With an estimated cost of more than NZ $700m (including maintenance over 25 years), the 18km Pūhoi to Warkworth motorway extension includes a road corridor that cuts through steep hills and valleys, and the creation of seven bridges including three viaducts. Combine this with the cutting of 7 million cubic metres of earth (and the filling of 5 million), and the challenge of soft alluvial sediments – and it’s easy to see why a project wide ground model is essential as a basis for geotechnical design, and to mitigate project risk.
Using Leapfrog’s advanced surfacing editing tools, you have more freedom to shape your model and apply your geological skill and knowledge.
This blog summarises our recent advanced surface editing webinar and gives you access to the full recorded webinar.
The premise for the webinar is that with Leapfrog you use your available geological data to create a base model and then use Leapfrog’s advanced surface editing tools and your skill and knowledge to review and shape the model.
When modellers collaborate, they work faster and think smarter. But getting them to share is not as easy as it sounds. The process needs to be effortless and automatic to deliver the best results, says Seequent Senior Technical Leader Julia Oliveira.
It’s hard to overstate how important collaboration is in our industry. Modelling is not a one-person game, or even a one-team game. When you try to model by yourself that only makes it harder, and that’s because geology is not a one-person truth.
By their very nature engineering and environmental projects bring together multi-disciplinary teams who need to collaborate and communicate. but this is often thwarted by interoperability issues with specialist software. Experts who want to spend their time understanding and interpreting data, instead waste precious time manipulating software, their valuable skills lost on something that should actually be helping, not hindering.
In a study carried out by leading precious metals mining group Polymetal International plc, new resource estimation solution, Leapfrog EDGE, was proven to achieve the same results as Datamine. The study also revealed many distinct advantages with Leapfrog EDGE, which applies the highly dynamic, intuitive and visual Leapfrog 3D capabilities to resource modelling. Leapfrog EDGE includes all of the industry standard tools you need most, for estimating, domaining, geostatistical evaluation and reporting.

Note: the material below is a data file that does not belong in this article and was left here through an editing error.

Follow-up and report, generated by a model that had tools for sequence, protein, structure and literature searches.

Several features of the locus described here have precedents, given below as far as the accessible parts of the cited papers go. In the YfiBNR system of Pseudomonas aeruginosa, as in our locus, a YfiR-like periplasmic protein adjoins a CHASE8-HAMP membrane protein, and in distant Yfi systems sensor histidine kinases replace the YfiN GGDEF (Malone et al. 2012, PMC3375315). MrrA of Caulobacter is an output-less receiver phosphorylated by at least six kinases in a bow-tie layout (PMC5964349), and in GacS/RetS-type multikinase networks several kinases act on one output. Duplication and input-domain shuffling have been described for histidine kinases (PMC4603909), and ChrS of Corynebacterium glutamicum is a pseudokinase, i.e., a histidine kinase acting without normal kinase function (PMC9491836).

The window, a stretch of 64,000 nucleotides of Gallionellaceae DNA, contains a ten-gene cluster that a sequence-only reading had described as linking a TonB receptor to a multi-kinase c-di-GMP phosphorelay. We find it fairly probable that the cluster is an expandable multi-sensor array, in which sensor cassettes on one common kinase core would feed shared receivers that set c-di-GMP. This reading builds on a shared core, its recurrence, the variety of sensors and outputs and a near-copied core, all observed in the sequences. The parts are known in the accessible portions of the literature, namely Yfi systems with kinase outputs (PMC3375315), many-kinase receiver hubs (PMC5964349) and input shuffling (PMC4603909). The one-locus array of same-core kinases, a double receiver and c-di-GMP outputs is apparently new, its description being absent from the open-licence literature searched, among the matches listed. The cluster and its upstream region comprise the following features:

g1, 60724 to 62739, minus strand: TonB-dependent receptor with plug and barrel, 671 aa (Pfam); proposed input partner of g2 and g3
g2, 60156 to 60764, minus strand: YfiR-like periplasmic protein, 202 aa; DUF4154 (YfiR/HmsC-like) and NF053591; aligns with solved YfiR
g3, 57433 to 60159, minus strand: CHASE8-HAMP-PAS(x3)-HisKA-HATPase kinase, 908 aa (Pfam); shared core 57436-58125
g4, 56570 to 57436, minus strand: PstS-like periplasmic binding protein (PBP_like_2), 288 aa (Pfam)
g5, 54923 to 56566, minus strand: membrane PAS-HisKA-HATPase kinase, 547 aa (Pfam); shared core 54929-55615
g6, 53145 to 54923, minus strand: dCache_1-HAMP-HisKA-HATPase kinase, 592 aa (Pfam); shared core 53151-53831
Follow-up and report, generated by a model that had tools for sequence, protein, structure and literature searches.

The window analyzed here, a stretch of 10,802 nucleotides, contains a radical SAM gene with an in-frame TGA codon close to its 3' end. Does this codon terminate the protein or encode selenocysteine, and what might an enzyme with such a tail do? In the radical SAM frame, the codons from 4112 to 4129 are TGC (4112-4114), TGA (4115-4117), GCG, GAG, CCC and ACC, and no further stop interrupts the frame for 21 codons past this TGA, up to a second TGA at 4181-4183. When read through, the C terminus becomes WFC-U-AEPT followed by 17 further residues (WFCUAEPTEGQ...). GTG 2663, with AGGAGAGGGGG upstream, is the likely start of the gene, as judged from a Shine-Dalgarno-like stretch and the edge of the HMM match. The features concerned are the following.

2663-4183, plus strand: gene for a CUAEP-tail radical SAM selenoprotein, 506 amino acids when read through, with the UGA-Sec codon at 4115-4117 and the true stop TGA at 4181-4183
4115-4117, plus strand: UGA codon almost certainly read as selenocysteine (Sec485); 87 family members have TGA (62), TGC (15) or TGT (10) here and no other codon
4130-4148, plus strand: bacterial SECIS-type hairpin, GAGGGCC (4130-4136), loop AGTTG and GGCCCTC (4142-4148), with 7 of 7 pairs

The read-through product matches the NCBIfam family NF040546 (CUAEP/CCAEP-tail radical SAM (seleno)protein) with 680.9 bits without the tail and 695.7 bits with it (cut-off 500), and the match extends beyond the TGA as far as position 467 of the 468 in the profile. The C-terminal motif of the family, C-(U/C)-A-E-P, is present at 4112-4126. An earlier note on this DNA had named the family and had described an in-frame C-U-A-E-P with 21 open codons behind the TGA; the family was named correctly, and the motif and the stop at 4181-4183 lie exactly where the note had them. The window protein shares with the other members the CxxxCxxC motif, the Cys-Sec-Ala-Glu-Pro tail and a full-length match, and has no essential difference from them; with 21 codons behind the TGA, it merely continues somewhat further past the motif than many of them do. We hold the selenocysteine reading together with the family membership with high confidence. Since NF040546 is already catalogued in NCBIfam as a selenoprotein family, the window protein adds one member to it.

Centralising all your data on one platform – such as Leapfrog Central – will dramatically improve your review process. But it also has a far-reaching and beneficial impact on your company culture, argues Seequent Senior Technical Leader Julia Oliveira.
It wasn’t so very long ago that if we needed to review models in the mining industry we would have to send pen drives from the mine to the head office – by plane. Imagine that! If you have to send data by plane, you have a problem.
Even putting data on a server and then downloading it somehow seems too complicated in 2018 for something that should be simple and fluid. It’s also open to error. Centralising all your data on one platform gives you security, reliable version control, and makes sure everyone is working from the same model and can track its history.
But what’s meaningful about centralisation for me – particularly about using Leapfrog Central – is that it’s not just about process. It can also be about inspiration, recognition and better work. Because what’s surprising is that when you introduce new technology you can also introduce a new culture; a better, modern and more effective culture that can inspire your geologists to do more.
To get there you have to realise that talking to users and talking to managers about centralisation are two very different conversations.
By Seequent Civil & Environmental Product Manager Pat McLarin